Don’t be fooled – logistics AI uses few and far between, warn experts
For logistics, AI risks becoming another ‘blockchain’ – a shareholder-magic-dust with little near-term practical application, ...
Blockchain has won another convert, as the logistics industry finds increasing applications for the technology.
The latest news is that liner agency and freight management company Kestrel has signed up to use blockchain technology to manage the SOLAS requirements.
SOLASVGM, a platform developed by forwarder Marine Transport International, helps customers become compliant with container weighing regulations by tracking data along the chain.
“The IMO regulations are designed to stop overweight containers getting onto ships, but there’s little to stop them on our roads,” said Andy Thorne, Kestrel’s chairman.
“By using SOLASVGM, we are connected to weighbridges and load points at the beginning of a journey, so we can stop overweight containers being loaded onto lorries.”
Blockchain is increasingly moving into the logistics sphere, as the supply chain is a good fit for the technology – essentially a ledger, where transactions are recorded and can be shared with multiple parties without needing to go through a central point.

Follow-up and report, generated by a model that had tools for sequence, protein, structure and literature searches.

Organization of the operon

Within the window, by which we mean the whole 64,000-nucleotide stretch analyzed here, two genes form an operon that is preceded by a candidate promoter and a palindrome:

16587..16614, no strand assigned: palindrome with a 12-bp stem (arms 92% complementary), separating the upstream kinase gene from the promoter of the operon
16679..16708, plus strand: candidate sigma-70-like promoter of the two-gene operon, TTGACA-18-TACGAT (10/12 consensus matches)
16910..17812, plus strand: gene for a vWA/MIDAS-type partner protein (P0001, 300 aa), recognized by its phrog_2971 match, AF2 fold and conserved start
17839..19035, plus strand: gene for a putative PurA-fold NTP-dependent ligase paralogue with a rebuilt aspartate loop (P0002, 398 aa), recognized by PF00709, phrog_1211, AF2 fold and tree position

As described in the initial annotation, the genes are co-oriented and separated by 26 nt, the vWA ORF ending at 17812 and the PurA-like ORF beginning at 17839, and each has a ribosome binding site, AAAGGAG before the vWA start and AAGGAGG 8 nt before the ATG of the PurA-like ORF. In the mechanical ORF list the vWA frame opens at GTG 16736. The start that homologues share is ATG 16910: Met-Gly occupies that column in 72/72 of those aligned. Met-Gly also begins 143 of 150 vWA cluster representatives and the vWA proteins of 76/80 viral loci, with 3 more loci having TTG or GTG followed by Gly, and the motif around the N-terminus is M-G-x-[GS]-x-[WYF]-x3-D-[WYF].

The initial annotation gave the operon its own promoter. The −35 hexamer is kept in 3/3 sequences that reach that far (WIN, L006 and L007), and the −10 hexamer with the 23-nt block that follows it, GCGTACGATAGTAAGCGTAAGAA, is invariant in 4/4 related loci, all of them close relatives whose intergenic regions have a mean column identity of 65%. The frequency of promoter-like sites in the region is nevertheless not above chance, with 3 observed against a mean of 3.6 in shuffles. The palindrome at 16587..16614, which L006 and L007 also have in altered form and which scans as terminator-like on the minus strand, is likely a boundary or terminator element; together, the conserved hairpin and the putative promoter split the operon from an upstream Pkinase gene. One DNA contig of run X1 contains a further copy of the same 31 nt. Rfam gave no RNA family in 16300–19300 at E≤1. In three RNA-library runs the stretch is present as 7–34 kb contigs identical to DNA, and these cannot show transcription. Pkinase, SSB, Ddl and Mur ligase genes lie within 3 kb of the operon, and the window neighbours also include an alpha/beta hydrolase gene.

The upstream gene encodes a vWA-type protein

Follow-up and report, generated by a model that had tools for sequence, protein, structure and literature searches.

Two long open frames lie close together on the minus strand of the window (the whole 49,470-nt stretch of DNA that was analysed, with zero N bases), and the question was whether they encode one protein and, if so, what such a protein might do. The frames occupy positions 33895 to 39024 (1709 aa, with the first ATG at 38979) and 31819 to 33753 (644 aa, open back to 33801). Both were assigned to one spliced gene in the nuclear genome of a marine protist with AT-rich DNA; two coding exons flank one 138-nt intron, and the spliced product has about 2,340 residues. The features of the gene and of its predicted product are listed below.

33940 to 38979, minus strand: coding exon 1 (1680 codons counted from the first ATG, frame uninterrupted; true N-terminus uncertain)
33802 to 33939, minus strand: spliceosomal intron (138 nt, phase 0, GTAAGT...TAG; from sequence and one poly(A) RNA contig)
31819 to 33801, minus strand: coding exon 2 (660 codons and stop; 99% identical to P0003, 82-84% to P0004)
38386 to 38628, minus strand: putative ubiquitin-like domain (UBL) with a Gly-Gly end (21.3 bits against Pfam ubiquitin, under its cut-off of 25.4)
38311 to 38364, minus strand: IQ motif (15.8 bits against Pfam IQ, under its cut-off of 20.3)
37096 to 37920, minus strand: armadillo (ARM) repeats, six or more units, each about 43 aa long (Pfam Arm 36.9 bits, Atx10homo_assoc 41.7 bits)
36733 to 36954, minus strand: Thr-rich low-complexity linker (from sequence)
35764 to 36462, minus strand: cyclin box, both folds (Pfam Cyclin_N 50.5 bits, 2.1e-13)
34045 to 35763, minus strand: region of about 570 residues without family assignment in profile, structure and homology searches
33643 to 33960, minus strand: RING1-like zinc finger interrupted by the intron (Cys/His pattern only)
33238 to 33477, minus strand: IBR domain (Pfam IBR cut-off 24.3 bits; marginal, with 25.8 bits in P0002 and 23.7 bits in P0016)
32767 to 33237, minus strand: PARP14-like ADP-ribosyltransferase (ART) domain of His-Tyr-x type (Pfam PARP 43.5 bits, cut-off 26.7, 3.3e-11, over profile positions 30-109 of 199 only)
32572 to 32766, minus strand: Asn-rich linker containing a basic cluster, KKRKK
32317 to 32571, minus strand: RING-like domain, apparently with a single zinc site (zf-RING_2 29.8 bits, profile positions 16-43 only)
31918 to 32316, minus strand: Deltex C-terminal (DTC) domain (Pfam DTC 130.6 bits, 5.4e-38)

While MTI was one of the first logistics companies to use the technology, originally created for bitcoin, others have quickly followed suit.
Maersk announced this month that it has been testing the technology for freight tracking, and Gatechain was runner-up in IATA’s Cargo Innovation Awards last week with its blockchain-based document generator for all parties along the supply chain.
“The OECD worked out that $100bn is wasted annually in trade processes just due to paper,” said Gatechain’s founder, Wassilios Lytras. “In ocean freight, the paperwork costs more than the actual transport.
“There is an interdependency between financial transactions and the movement of goods, and they slow each other down.
“We are building an incremental supply chain – an ecosystem that is open and built for the future.”
He explains that blockchain transactions would be broadcast to every Gatechain member and available to third parties, creating workflows for supply chain partners.
Jody Cleworth, CEO of MTI, said: “There’s been an explosion of interest in how blockchain can transform the supply chain and logistics industry.
“A lot of it is talk, but Kestrel’s commitment to finding new ways to digitise its business through this partnership is yet more proof that we have a real, practical application which is having a significant impact.”